Thank You Krysten Ritter


Recently my ginger BFF Risdon Roberts and I attended a talk with Krysten Ritter at theWriter’s Bootcamp in West LA.

I’ve gone to a number of talks around Los Angeles and I always love attending the ones where you leave feeling like you are on the right path.  This was one of those talks.

I’d say that the number one most difficult thing about being an actor in Los Angeles is pushing through the intensely hard times when jobs come too far apart and money is extremely tight.  It’s in these moments that a lot of people either really stick their feet in the broken up Los Angeles pavement and declare that they are going to conquer this city, or they make the very hard decision of hopping on a plane back home to live a more “traditional life.”

What is always encouraging to hear is that “it takes about 10 years to make an actor in LA.”  That’s basically the consensus.  Jenna Fischer talked about it in her blog, Kevin Alejandro discussed it in his interview with me, and even though Krysten had been booking smaller supporting parts for a number of years, she mentioned that it’d taken 10 years to book the lead on Don’t Trust the B in Apt 23.   I’m not sure how people feel at the end of that 10 years if they still haven’t “gotten arrested” aka) “made it,”  and I still have quite of number of years to go until I reach that 10 year mark, but overall “over night success” doesn’t really exist.  Knowing that has always been comforting and helped me push forward.

She also mentioned the lifestyle sacrifices that many people in the “real world”  might not necessarily understand, like the fact that as a writer she would stay in writing on the weekends while all of her friends went out. It seems like a minor thing, but it can be difficult to explain to people with 9-5 jobs that your schedule is the complete opposite of theirs or that you aren’t able to commit to a trip or a family gathering because you are waiting to hear about a job you won’t know about until last minute.

A lot of my friends are also in the entertainment industry so they understand when I say I can’t meet up with them because I’m prepping for an audition or in pre-production on a project.  They’ll even understand when I’m not able to see them for months at a time because our schedules just don’t match up.  But as actors, writers, anyone in the entertainment industry we definitely march to the beat of a different drum.

She also spoke about being at the top of your game as an actor and making sure that you stay sharp, this way when opportunities come you can seize them.  This is something that I’m really focusing in on right now.  While I’ve always felt “ready,”  I’m taking this preparedness to a whole different level lately.  I’m getting rid of anything that doesn’t currently serve me and focusing only on the things that aid my growth as an actor.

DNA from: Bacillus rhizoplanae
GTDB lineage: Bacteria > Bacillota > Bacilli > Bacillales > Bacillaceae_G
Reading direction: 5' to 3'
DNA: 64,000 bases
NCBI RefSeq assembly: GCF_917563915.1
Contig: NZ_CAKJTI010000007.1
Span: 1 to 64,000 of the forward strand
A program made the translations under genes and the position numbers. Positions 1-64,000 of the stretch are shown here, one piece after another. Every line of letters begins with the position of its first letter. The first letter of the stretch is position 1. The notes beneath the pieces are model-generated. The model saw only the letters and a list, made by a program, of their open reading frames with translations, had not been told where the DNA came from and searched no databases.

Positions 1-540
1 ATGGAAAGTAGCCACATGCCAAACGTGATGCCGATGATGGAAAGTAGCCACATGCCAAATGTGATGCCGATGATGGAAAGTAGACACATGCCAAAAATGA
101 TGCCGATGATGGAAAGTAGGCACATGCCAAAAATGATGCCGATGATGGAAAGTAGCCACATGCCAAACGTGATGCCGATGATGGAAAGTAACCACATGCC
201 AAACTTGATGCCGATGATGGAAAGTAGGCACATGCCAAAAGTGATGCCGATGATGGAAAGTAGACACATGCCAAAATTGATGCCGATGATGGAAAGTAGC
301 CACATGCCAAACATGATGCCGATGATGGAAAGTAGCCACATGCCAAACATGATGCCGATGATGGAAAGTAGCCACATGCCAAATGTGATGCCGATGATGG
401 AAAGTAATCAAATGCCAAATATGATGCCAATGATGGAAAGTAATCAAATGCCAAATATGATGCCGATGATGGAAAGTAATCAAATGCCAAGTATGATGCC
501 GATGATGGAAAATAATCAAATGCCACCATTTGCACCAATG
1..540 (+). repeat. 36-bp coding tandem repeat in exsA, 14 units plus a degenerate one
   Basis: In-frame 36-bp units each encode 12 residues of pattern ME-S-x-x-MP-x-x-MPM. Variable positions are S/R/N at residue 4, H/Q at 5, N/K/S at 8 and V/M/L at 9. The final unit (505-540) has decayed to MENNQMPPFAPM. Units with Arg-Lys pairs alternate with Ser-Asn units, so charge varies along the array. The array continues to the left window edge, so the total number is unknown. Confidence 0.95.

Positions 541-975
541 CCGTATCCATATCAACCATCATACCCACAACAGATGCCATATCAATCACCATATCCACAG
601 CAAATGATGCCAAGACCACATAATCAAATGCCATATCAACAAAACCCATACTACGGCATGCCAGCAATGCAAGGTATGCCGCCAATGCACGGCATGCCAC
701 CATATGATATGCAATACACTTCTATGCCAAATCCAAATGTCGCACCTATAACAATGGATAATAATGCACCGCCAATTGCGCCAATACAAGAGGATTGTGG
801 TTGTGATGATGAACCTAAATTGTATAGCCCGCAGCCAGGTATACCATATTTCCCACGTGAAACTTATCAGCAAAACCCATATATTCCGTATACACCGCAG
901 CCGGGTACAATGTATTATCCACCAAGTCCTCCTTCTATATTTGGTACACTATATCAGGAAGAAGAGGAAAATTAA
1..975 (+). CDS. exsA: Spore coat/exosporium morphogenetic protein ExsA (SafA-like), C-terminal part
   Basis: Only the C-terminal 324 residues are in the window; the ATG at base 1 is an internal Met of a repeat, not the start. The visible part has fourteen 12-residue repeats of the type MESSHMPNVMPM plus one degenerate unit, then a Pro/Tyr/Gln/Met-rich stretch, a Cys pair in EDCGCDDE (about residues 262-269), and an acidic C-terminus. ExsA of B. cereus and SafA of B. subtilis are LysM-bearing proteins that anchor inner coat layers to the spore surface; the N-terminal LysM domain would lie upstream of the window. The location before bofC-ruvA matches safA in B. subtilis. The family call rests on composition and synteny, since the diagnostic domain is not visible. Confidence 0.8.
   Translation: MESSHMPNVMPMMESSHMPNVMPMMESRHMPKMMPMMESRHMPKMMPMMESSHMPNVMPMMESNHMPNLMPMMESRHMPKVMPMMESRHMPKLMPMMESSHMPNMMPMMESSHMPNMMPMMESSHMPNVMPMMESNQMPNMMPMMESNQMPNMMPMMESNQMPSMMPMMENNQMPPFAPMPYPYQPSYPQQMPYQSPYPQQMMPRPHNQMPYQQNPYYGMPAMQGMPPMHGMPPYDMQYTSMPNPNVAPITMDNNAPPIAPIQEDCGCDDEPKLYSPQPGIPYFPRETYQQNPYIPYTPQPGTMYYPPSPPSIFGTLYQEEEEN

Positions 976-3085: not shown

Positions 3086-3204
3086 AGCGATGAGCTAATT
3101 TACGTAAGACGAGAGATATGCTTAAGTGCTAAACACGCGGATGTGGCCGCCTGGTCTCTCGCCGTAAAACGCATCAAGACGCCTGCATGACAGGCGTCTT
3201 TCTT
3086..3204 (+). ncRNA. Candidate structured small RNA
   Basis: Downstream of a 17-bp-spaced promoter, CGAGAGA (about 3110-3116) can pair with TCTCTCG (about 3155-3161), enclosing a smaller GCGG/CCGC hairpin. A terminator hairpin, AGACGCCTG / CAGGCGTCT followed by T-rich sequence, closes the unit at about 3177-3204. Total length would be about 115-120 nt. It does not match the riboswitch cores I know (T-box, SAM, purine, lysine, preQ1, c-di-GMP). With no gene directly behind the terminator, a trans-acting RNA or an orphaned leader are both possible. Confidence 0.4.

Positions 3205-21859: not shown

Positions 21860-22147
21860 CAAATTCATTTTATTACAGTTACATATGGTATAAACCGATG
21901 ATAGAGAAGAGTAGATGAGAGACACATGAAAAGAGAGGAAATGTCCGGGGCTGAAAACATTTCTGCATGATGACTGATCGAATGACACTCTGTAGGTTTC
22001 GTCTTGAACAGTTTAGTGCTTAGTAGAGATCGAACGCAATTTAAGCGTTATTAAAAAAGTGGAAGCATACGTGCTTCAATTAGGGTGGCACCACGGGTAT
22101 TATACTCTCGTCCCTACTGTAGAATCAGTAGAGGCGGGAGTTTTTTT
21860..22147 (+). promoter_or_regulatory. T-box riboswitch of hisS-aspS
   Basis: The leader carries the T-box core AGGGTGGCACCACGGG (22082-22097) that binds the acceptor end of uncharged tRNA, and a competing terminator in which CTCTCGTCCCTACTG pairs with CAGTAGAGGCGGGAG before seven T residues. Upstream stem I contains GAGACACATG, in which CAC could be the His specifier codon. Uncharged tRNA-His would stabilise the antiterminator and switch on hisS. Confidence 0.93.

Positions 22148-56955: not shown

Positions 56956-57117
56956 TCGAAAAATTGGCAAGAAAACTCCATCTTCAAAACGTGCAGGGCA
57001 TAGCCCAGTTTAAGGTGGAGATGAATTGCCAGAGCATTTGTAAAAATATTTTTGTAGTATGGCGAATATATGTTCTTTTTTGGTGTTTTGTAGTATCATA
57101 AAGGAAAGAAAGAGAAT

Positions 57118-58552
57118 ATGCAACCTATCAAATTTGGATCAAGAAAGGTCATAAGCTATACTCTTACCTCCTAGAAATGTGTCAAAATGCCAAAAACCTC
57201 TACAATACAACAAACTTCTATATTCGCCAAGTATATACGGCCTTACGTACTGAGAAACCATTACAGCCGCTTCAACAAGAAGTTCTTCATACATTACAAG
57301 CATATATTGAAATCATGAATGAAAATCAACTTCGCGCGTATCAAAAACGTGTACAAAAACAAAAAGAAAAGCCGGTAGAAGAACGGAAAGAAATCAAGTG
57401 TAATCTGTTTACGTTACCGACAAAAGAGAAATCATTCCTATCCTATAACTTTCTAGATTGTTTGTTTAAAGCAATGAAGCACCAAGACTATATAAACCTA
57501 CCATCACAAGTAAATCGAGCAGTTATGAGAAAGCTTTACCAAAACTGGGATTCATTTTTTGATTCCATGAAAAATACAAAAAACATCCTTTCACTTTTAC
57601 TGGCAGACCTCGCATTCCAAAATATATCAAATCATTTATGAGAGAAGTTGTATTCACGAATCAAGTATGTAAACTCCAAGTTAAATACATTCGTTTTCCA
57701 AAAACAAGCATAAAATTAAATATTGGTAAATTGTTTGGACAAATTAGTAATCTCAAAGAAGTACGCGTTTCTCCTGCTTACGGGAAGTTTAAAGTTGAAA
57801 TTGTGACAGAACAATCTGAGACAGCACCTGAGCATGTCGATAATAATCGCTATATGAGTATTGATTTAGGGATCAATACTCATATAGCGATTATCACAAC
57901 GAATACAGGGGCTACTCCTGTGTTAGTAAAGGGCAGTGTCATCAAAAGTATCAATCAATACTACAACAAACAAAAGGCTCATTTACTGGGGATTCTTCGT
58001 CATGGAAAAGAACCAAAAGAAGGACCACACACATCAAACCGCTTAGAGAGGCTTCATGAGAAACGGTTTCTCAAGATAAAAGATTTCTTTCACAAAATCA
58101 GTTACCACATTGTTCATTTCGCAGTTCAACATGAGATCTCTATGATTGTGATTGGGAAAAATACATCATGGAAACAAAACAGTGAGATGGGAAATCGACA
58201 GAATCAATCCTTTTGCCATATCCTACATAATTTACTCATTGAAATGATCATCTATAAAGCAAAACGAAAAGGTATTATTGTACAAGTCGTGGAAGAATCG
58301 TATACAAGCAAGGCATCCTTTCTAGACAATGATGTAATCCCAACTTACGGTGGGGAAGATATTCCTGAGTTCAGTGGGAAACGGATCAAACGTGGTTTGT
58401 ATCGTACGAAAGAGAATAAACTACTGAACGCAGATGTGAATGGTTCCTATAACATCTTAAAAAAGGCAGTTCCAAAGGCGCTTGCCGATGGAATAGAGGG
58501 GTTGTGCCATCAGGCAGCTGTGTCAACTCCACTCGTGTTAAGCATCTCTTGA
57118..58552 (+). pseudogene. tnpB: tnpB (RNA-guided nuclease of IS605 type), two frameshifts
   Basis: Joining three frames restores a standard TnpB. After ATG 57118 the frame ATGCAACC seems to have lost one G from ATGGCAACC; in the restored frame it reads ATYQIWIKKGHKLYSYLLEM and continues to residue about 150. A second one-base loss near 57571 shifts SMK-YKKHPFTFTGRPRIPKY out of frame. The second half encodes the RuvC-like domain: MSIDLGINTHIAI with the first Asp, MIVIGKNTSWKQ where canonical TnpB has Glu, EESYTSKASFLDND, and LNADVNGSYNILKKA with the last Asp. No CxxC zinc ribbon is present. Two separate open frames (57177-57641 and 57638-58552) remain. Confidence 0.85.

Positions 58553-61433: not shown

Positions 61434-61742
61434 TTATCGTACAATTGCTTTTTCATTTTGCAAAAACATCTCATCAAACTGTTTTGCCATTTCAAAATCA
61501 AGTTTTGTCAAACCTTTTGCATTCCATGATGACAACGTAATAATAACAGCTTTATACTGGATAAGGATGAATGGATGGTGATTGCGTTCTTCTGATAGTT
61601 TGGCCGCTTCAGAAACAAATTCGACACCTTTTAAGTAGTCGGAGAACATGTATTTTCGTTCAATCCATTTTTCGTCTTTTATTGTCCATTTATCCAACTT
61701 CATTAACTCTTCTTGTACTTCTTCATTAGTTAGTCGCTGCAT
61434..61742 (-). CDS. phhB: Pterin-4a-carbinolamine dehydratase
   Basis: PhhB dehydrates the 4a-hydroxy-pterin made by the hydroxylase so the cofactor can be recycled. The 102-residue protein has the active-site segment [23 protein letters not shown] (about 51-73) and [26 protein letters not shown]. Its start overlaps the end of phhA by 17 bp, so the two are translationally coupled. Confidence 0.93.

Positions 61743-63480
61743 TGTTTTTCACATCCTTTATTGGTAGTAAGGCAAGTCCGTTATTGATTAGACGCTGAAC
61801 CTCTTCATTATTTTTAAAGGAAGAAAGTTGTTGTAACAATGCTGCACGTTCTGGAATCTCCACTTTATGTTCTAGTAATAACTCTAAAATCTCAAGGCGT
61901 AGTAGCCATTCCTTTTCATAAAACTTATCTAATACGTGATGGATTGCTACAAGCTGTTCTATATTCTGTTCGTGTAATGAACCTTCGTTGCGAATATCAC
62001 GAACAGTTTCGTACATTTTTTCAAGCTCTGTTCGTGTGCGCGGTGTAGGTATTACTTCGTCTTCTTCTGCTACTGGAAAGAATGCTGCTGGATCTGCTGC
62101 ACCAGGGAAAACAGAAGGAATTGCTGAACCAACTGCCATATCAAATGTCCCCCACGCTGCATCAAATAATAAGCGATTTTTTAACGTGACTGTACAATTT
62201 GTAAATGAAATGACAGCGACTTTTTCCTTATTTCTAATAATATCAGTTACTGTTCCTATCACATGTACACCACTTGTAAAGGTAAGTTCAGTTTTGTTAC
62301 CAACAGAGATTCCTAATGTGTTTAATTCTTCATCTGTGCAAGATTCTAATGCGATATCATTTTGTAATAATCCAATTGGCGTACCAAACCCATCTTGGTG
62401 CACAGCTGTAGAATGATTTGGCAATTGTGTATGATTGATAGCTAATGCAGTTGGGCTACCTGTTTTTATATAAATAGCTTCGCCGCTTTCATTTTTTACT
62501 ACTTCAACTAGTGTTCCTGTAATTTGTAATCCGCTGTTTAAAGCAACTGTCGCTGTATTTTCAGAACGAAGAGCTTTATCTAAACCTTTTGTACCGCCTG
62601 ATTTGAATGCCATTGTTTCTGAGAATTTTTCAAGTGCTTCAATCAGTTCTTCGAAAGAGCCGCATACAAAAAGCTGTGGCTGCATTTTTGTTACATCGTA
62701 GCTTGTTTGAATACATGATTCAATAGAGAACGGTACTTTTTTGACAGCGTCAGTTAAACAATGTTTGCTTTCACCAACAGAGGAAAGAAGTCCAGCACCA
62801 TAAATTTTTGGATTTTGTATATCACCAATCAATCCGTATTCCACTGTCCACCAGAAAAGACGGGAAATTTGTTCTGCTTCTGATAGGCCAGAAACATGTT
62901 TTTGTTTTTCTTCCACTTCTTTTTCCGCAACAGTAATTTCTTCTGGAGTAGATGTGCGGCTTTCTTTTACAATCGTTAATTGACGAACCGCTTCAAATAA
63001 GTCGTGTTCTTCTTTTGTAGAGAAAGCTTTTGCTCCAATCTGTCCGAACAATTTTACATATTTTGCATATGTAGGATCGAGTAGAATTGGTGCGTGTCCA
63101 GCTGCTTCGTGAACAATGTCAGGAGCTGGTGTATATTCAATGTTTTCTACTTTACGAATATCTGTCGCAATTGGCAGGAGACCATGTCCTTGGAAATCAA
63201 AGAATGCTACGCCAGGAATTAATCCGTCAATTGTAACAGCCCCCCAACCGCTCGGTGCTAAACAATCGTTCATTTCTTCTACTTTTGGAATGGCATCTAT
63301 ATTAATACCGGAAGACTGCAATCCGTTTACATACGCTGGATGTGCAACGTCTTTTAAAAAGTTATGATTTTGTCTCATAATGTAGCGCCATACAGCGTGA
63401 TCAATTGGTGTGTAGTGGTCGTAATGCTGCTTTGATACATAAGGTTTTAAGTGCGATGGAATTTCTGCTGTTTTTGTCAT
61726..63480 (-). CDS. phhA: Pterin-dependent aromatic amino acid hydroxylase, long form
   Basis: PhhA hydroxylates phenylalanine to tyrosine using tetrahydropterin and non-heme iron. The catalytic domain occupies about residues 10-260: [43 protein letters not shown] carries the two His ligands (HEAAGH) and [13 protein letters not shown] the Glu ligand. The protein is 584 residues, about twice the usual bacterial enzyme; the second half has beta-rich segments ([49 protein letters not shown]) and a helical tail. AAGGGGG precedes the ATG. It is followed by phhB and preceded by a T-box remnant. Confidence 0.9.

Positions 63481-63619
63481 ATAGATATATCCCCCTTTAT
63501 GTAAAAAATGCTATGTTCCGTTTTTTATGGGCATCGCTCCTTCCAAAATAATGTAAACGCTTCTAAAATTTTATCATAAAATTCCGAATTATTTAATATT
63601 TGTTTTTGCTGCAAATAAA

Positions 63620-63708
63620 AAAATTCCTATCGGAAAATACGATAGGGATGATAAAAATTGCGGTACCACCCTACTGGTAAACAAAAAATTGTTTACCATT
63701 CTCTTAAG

All in all for both Risdon and me, seeing Krysten speak was incredibly encouraging. It was a great reminder that I’m doing things the right way and to just keep walking forward.

Thank you Krysten Ritter for taking the time out to share your experiences.  I hope to cross paths with you on the LA pavement one day soon.


Xoxoxo helenna


Helenna Santos

About Helenna Santos

Helenna Santos is the Founder of “Ms. In The Biz” and a producer, writer, and actor with Mighty Pharaoh Films. She can often be found on panels and appearances at conventions such as San Diego “Comic-Con”, and has been interviewed by major press outlets including CNN and FOX News. ​Her work as a contributing writer has been featured in MovieMaker Magazine, Backstage Magazine, and IndieWire, and she co-authored the book "Thriving in Hollywood! Tenacious Tales and Tactics from Ms. In The Biz". She is currently in post-production on 2 feature films that she produced and stars in, the adventure/thriller "At Your Own Risk" and the sci-fi/thriller "RESOUND".

  • malia

    LOVE this article, encouraging and inspiring. Reading articles like this just remind me that I am on the right path.

  • Loved this!!! As an actor, writer, producer, is always wonderful to hear that I am not alone in this crazy journey of pursuing an artist’s life!!!

  • We love attending the breakfasts at Writer’s Boot Camp! I will say it’s pretty tough, however, for anyone to tell you how long it should take to “make it big” – regardless of how long it took them. Everyone’s journey is completely different. I’ve known actors who got a starring gig right out of the gate, and others who did not… but then after decades of diligence finally got their big “break”. On the other hand it depends on what the goal is, and what a person thinks their “big break” would look like. Not everyone I know in the industry wants a starring or lead role. I’ve heard it more than once… it’s too much responsibility, etc… But I LOVe going to those breakfasts! We saw Christopher Kubasik there (creator of The Booth at the End) and it was so inspiring and encouraging! Great post Hels!

    • Ms. In The Biz

      Many thanks Lisa! I totally agree that “making it” is relative. But it’s interesting how “10 years” is such a popular amount of time for some people. Writer’s Bootcamp is indeed pretty freaking awesome!